Amazing technologies that measure, in a deep way, how people respond to marketing messages were presented at the recent Media Insights and Engagement Conference. But it’s safe to say that despite great potential, some efforts do not scale well in terms of cost, logistics or time-to-insight.
And. of course we have the old standby, focus groups, for whose powerful insights businesses spend an estimated $40 billion a year. Unfortunately, like some of those technologies at the conference, focus groups also can be expensive, hard to scale and time-consuming.
All these technologies are trying to do one thing: measure consumers’ emotional responses to a message. Out of emotion comes intentions. Out of intentions come behaviors. Thus, emotions can drive business outcomes and the bottom line.
But accessing and understanding the emotions people have can be, yes, expensive and time-consuming. Thankfully, we have a powerful new “focus group” sitting in front of us that promises to be an agile, affordable new tool for marketers to understand how their messages are received: Twitter.
Every year, Twitter generates about 1 billion opinions that express how people feel about every corner of television, from the shows to the commercials to everything between.
Yes, companies routinely monitor social media (spending an estimated $200 million annually to do so), but that monitoring is usually colorless or too focused on measures such as volume rather than on the emotions people routinely express in those many millions of tweets.
At best, many of these systems use a simple sentiment analysis to assess whether a post was positive or negative. That provides some feedback, but falls far short of capturing the rainbow of expression that Twitter routinely carries.
Beyond that, the nuances of fast-evolving online language typically elude traditional sentiment analysis. When a tweet calls a show “sick,” is that positive or negative? Is it a fusty moralist harrumphing, or a skater bro enthusing? Natural Language Processing was invented decades ago. It is not “on fleek.”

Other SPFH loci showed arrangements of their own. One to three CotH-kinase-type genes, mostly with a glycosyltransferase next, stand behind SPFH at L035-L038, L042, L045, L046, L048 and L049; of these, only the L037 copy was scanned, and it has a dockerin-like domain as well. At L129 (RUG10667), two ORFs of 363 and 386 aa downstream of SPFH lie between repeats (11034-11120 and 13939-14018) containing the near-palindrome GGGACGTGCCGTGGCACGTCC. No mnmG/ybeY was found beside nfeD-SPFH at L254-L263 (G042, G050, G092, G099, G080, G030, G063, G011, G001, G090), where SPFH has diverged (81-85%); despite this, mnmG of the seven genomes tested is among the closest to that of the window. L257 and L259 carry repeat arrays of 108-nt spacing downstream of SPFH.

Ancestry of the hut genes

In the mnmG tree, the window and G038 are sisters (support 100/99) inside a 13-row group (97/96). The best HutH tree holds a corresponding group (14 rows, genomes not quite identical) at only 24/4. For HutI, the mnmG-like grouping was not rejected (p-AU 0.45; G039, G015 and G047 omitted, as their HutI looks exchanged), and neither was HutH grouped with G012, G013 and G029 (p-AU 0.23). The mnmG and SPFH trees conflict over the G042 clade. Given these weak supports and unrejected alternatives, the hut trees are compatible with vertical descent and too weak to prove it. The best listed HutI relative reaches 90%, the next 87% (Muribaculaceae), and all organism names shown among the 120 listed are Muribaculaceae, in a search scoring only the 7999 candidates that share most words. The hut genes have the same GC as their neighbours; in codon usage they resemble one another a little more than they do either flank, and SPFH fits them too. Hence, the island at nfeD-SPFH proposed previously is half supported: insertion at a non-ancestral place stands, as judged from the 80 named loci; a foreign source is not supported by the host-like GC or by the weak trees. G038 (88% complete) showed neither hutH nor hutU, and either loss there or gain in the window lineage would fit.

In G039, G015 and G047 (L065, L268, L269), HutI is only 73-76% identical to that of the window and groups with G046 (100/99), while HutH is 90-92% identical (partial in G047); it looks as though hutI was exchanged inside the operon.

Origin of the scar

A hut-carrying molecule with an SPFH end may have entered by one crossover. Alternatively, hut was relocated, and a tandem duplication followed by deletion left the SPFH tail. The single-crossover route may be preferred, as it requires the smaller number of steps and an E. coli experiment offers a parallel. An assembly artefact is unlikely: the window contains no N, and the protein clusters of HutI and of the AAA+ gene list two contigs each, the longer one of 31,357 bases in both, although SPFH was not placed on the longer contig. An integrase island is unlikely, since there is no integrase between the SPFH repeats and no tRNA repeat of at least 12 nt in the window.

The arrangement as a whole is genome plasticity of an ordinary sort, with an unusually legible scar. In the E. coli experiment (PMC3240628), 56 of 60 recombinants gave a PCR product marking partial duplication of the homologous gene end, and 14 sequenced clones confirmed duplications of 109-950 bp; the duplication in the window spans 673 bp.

Finally, we have the technological horsepower to evaluate how Twitter (and soon, Facebook) users are talking about TV shows and commercials, working with data parsed initially by Nielsen.
This approach holds great promise, particularly as we gain deeper understanding of the emotions expressed on social media, and as a series of trends make this kind of broad data more valuable than ever:
This creates the world’s biggest (and most relaxed and most honest) focus group. It’s sitting in front of us, providing more feedback every day. And finally, we have the technology and processing horsepower to actually understand, in close to real time and reasonable cost, what people say they’re feeling about a show, a brand or a message. Even better, it’s largely unfiltered, talking in the moment about TV and the brands that appear there.
We can already predict, three weeks before an announcement, with about 85% accuracy, which TV shows will get renewed, based on the emotional engagement and response those shows can drive online. Deep understanding like that will only grow, and can be powerful for both brands and creators.
We want to understand what the world is thinking, in a fast, cost-effective and meaningful way. The industry continues to devise new ways to harness different technologies to do that.
But social media provides another source of fast, affordable and broad insights. Millions of people in the world’s largest focus group are telling us how they feel. We can make magic with that.